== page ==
The Meaning of Grawen

by Carl Llewellyn

Although there is a farm in Cwmtaf called “Grawen”, most residents living in Merthyr Tydfil would recognise the name being associated with the area around the Quar, Brecon Road, known as the “The Grawen”.

The Welsh word for “rough” is “garw”, and in the old Welsh language meadow is “gwaen” or “waen”. If these two words are combined we have Garw-waun, drop one “w” and the “a” in waen we have “Grawen”. In the old Welsh the “r” frequently changes its position  and so “Garwen” would become “Grawen”.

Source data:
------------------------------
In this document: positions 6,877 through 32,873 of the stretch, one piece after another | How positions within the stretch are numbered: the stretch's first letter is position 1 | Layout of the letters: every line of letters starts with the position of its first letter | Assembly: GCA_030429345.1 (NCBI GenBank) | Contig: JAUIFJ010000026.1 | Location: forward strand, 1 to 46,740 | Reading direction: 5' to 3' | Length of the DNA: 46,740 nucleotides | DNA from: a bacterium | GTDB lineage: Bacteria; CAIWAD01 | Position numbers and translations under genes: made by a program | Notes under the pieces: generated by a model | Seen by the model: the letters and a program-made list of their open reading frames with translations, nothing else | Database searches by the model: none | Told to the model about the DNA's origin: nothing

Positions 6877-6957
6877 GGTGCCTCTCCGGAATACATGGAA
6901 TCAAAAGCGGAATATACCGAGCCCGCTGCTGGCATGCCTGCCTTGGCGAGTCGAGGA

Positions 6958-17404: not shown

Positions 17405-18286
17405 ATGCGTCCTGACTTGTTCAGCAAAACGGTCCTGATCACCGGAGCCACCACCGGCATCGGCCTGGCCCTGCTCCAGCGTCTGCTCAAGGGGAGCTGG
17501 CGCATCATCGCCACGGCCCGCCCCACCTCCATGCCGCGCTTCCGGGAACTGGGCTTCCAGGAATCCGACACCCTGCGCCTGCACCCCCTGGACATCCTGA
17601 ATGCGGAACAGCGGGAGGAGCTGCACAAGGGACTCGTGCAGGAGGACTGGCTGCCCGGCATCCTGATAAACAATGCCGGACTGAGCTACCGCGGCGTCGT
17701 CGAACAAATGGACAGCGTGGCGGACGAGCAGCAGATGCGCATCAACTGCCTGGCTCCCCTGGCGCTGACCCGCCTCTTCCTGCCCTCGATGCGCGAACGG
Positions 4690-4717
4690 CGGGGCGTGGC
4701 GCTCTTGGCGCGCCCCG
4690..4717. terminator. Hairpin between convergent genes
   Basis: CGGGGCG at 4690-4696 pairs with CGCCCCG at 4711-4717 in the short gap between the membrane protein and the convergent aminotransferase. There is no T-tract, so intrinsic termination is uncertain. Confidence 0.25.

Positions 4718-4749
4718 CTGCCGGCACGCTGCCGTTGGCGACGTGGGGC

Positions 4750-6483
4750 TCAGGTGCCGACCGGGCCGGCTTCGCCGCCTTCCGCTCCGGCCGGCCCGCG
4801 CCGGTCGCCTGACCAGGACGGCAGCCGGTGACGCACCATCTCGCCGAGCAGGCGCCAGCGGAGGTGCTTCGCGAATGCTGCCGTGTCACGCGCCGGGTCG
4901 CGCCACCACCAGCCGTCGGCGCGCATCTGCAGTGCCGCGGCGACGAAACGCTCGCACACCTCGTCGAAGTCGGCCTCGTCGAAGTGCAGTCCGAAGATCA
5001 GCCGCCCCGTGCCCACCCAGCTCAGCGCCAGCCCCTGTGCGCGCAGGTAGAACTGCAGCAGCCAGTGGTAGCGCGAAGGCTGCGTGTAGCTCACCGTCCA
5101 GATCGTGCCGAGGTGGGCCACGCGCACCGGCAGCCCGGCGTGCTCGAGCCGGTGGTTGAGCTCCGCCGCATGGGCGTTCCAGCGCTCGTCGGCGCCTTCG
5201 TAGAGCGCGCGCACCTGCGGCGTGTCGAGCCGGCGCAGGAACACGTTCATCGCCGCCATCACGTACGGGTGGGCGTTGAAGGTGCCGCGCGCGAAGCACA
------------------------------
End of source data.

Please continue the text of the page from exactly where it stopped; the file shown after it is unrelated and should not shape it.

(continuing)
This is conjectural – the word “garw” (rough) combined with “nant” (a valley or a brook), gives us “turbulent brook” with the word “rough” associated with water – hence Nantgarw, Pontypridd, and an area near Cwmtaf is known as “Garwnant”. In Dewi Cynon’s history of Farm names the word “garw” or “rough” refers to the bed of the brook being “coarse” hence “rough brook”.

The ‘Round House’ in the Grawen, Brecon Road


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